When it comes to lobbying, the squeaky wheel tends to get the grease. And while many different forms of lobbying can produce positive results, the most effective method is to meet with your elected officials personally.
But if you’re going to have a personal meeting with elected officials, you want to do what you need to do in order to get the most out of the visit. You want them to know what you think and why. You want to know what they think – and what they will do. And you want to make it as likely – and easy – as possible for them to agree to say “yes”.
Here are some simple tips to keep in mind that will help you get the most out of it.
Plan Your Visit
Treat it like you would any important business meeting (or at least the ones that you actually prepare for!). Be clear about what you want to accomplish. Identify which members of the legislative body (or council) you need to talk with to help achieve your goals. Elected officials usually won’t give as much priority to people who are not in their districts, so be sure to meet with the ones who represent YOU. If you don’t live in their district, take someone with you who does. Know what you want to say beforehand. Prepare a fact sheet or position paper that you can leave with them AFTER the meeting is over, (along with your contact information).
Schedule an Appointment
The “higher up” the political food chain the official is, the more staff they are likely to have. For local (and some state) officials, you can probably contact them directly. Federal officials with have a scheduler that you will need to contact to arrange a meeting. Explain your purpose and why you want to meet with them. Make sure that you have an understanding of how long the meeting will last. Elected officials typically like them short and sweet. Fifteen minutes is a good rule of thumb.
That’s enough time for you to accomplish two goals: 1) tell them what you want them to do and why, and 2) get feedback so you know what to expect from them, (and if whether or not they need more pressure from others who think like you do).
Make sure that you have accurate information and material available on your issue. Elected officials have to deal with many issues, and it’s possible that they might not have the information that you can provide. Remember that there are always two sides to any issue (at least), and the more you know about the arguments of the opposition, the more effective your information should be in countering it.
Remember, frame the “problem” to fit your “solution”. Of course this doesn’t mean you have to be an expert. The most important points for you to get across are why the issue is important to you, and that you feel passionately about it. You’re a citizen with concerns. More importantly (to them), you’re a registered voter.
Be On Time and Be Patient
When seeing any elected official, be punctual. But remember, it’s not uncommon for them to run behind schedule or to have meetings get interrupted. If there is an interruption, be flexible. If possible, continue the meeting with a member of their staff.
Don’t Be Intimidated
Don’t let yourself get nervous or intimidated. Sure, you’re on their turf, but you’re also their boss. They work for you. Just remember to be polite about it. You’ve got something they want (your vote…and maybe even your help).
Pin Them Down
Elected officials will usually try to be noncommittal because as soon as they take a position they probably make someone angry. They would rather just listen politely, empathize, then shake hands and lead you to the door. Your job is to get to the bottom line. Sure it’s nice to have the satisfaction of being heard, but where do they stand at the end of the day? Be polite, but pin them down. (For example, “I’m glad that you’re concerned, but will you vote for or against the bill?” or, “I’m glad to hear you agree in concept, but will you cosponsor the bill?”) They may not like it, but they will respect you for it.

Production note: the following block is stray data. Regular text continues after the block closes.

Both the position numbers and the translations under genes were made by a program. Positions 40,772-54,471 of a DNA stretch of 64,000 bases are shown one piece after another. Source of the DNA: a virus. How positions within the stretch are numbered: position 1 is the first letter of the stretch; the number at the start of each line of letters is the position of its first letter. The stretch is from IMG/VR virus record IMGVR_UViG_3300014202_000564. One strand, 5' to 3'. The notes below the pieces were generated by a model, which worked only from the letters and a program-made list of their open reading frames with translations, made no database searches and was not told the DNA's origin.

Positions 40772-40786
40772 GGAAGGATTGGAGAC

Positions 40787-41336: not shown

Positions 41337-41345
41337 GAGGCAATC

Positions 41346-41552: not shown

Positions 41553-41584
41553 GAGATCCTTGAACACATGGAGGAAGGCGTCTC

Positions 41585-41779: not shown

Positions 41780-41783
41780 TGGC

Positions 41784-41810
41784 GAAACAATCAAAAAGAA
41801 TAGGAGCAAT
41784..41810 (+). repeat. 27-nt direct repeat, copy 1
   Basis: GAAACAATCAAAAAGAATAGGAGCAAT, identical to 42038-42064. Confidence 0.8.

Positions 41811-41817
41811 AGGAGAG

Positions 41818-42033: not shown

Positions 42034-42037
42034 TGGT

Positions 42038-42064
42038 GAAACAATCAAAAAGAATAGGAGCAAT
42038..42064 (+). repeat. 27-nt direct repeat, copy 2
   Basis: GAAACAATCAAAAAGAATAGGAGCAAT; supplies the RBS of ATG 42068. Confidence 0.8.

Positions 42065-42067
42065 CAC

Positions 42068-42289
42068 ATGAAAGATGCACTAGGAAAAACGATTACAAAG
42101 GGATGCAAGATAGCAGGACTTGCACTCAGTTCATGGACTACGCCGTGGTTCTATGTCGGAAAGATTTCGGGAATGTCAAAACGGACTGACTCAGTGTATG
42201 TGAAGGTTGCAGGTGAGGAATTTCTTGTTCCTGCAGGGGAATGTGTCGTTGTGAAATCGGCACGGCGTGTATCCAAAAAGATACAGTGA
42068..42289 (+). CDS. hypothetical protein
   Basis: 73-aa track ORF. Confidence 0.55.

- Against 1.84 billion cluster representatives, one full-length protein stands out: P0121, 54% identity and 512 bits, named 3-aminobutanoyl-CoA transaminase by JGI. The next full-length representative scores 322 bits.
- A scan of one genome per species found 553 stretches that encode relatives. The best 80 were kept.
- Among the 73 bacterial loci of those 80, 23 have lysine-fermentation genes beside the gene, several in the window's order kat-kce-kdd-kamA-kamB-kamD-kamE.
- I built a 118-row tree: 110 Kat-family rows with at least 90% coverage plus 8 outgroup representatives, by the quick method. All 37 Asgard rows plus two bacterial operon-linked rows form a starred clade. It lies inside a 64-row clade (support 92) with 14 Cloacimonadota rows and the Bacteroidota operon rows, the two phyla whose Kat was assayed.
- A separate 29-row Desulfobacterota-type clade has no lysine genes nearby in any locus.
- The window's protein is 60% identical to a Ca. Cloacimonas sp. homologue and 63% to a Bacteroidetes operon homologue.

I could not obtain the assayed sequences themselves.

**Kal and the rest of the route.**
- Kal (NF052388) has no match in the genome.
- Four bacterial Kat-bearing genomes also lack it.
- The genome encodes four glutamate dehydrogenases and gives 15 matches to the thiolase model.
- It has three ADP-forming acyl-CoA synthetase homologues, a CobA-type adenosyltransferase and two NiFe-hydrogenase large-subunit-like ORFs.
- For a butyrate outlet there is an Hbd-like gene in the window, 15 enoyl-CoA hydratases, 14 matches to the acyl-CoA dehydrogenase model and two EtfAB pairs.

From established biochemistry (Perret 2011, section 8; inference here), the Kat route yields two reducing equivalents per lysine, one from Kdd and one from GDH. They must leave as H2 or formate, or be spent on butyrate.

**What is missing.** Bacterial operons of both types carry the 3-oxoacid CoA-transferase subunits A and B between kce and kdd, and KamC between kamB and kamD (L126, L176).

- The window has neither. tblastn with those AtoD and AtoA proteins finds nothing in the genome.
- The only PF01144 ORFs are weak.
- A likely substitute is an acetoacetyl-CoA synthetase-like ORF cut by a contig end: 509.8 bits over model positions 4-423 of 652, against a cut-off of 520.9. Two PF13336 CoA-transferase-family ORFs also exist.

Most elected officials try to represent the best interests of their constituents, (or at least the good ones do). Whenever possible, draw a correlation between what you want and the interests of your community, (i.e. their district). Show them that you are not the only one who feels the way you do.
They may not want to take your side in order to avoid taking “heat” over the issue, but you could offer to help solve this problem by working to counteract the heat. Offer to write supportive letters-to-the-editor, phone calls to local talk radio, or even send out a press release from your group thanking them for their support. Find out what “cover” they may need to help get them over the line. Offer to work with their staff to get it done. Be helpful and make it easy for them to say yes.
If an elected official expresses an interest in your issue or request, be ready to answer questions or provide any additional information they may need. Afterwards, follow up with a thank-you letter highlighting your discussion, (especially if they agreed to anything), and include any additional information they may have requested.
In our system of government, the squeaky wheel usually gets the grease, and given that the percentage of people who take the time to meet personally with elected officials is so incredibly low, it shows commitment on your part. And it lets them know just how squeaky you might be.
If done consistently and professionally, meeting with your elected officials will help you be a much more effective advocate for the things that you care about. Building relationships with them will not only further your credibility as a citizen (or organization), but it will also provide opportunities for you to have a greater impact for the conservative cause in the future.
Make sure to get the most out of it!Social tagging: lobbying